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Any pet owner knows that dogs don't mind being smelly and dirty. In fact, many dogs delight in rolling around in all sorts of substances we may think of as disgusting, or tearing through brush and mud puddles. At some point, your dog is going to need a bath. How to bathe your dog, and how often, depends on a few factors.

How Often Do Dogs Need a Bath?

golden bath

Bath frequency depends on how much time your dog spends outdoors and what he does once he's out there, but most experts recommend bathing as infrequently as possible to preserve natural oils and avoid drying out his skin. As a rule of thumb:

  • Short-haired breeds, like Weimaraners or Beagles, need to be bathed less frequently.
  • Oily-coated breeds, like Basset Hounds, may need a bath as often as once a week.
  • Breeds like Golden Retrievers, that have water-repellent coats with a lot of natural oils, should be bathed less often.
  • Dogs with thick double coats, like the Alaskan Malamute, need fewer baths but a great deal of brushing.

Types of Dog Shampoo

Most important, do not use a shampoo meant for people; it doesn't have the right pH level for dogs' skin. There are many types of dog shampoo on the market, including:

  • Natural organic formulations like Ark Naturals Neem Protect Shampoo.
  • Heavy-duty dog shampoos and dry shampoos, like Dalvia No Rinse Dry Shampoo.
  • Oatmeal shampoos: some groomers recommend shampoo containing oatmeal for itchy skin.
  • Dog shampoos with anti-bacterial qualities, or a shampoo with citrus oil or pyrethrin if your dog has fleas.

Tips for Bathing Your Dog

in the tub

  • Brush your dog thoroughly before washing to remove loose hair, dirt, and other debris.
  • You're going to get wet, so dress accordingly.
  • Gather everything you need, dog included. This includes shampoo, a washing brush if you're using one or a washcloth, towels (many towels), cotton balls, and mineral oil.
  • After making sure the water is warm, but not hot, put your dog in the tub or washbasin and fill it about knee-high.
  • Protect your dog's eyes with a few drops of mineral oil and put cotton balls in his ears to keep water out.
  • A detachable shower spray nozzle makes bathing much easier. If you don't have one, use a large container, like a pitcher.
  • Wet your dog and then lather him with shampoo, and work the soap through to the skin. Some pet owners start at the rear and work towards the front, washing his head last. Others prefer to do the reverse.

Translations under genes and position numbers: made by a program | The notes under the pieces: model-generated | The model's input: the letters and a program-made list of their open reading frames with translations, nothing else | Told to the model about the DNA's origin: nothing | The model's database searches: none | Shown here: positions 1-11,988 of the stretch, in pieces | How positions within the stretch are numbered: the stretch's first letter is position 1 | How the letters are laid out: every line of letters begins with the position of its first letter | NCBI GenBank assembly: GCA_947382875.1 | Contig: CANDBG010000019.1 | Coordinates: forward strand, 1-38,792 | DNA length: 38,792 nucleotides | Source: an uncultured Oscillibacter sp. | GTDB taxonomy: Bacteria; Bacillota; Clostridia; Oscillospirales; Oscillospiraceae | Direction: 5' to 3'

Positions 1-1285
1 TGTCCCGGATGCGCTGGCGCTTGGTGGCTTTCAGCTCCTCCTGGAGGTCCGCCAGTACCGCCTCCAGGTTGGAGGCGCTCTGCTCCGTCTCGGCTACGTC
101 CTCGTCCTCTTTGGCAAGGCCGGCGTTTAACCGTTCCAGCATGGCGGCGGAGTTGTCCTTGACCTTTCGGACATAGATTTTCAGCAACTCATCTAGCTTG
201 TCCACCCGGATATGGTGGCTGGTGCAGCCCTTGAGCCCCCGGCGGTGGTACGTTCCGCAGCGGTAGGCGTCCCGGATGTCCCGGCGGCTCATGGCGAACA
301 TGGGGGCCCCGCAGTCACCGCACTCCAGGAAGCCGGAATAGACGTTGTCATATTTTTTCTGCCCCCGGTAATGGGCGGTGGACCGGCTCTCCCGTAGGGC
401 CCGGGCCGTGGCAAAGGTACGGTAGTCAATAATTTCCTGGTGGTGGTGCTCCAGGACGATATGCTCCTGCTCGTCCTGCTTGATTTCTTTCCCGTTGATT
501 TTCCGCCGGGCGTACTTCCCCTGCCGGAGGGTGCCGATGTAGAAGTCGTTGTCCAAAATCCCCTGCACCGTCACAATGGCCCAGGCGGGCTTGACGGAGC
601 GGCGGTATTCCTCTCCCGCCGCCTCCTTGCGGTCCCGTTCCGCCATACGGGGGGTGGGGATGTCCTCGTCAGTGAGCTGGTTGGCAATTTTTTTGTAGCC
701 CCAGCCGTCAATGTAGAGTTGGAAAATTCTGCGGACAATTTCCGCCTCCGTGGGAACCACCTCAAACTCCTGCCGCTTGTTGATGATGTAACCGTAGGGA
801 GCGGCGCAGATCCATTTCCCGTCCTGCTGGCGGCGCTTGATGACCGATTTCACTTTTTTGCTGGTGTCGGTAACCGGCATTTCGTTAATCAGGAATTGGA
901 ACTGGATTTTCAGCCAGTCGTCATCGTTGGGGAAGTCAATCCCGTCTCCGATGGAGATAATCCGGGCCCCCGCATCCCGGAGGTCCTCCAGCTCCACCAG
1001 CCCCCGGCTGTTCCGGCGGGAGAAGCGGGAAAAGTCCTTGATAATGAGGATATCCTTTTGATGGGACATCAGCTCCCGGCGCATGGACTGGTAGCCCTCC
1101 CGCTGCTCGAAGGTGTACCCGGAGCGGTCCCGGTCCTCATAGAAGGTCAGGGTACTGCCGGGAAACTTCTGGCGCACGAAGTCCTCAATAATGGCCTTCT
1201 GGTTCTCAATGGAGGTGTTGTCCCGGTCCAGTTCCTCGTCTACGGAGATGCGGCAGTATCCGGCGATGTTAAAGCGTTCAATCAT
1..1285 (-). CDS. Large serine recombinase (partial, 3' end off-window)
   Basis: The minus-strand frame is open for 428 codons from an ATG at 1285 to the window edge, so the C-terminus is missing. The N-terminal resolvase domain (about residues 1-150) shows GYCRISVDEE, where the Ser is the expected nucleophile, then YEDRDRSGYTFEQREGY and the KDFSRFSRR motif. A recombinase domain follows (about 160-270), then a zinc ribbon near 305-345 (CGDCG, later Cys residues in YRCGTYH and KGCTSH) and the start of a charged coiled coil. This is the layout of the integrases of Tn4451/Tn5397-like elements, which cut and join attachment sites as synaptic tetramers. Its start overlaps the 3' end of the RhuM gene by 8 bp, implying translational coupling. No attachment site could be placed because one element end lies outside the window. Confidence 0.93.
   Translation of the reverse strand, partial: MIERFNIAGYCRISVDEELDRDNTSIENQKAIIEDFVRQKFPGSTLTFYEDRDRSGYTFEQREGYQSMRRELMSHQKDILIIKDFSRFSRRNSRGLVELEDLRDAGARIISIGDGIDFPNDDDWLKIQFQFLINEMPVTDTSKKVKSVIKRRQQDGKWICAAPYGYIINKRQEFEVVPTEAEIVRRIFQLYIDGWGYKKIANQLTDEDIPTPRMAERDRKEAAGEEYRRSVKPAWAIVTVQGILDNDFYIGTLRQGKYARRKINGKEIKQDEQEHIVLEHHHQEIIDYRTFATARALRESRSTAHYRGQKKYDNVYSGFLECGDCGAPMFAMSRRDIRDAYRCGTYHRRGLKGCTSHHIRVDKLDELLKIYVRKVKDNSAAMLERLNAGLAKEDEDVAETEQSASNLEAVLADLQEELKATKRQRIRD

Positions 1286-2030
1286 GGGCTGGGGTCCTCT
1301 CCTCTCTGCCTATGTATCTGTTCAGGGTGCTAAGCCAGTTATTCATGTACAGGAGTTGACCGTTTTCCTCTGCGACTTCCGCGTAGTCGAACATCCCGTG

• If your dog has long hair, work the lather in the same direction as his coat grows. This will help avoid tangles later on. A rubber washing brush works well on dogs with short hair.
  • Make sure to wash everywhere: his belly, under his tail, his legs and paws, under his neck, and around his ears.
  • Rinse him gently with warm water, starting at his head and face. This may take patience since you want to remove all traces of the shampoo.
  • You know with certainty that he'll shake himself off rigorously after this, so you might want to stand back a bit. Then, rub him vigorously with a towel, or three, to get him as dry as you can. Some pet owners like to use a blow dryer on their dogs to dry them more thoroughly. If you do, don't use the hottest setting on the dryer, and hold it at least one foot away so you don't burn his skin. Then let him hang out in a warm sunny room until he's completely dry.

Aside from being a necessary part of grooming, bathing your dog can be a bonding and trust-building experience. It's messy and time-consuming, but it can also be an enjoyable time spent with your canine pal. Check out some more dog grooming tips to give your dog a great bathing experience!
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This article was originally published in AKC Family Dog magazine. Subscribe today ($12.95 for 6 issues, including digital edition) to get expert tips on training, behavior, health, nutrition, and grooming, and read incredible stories of dogs and their people.
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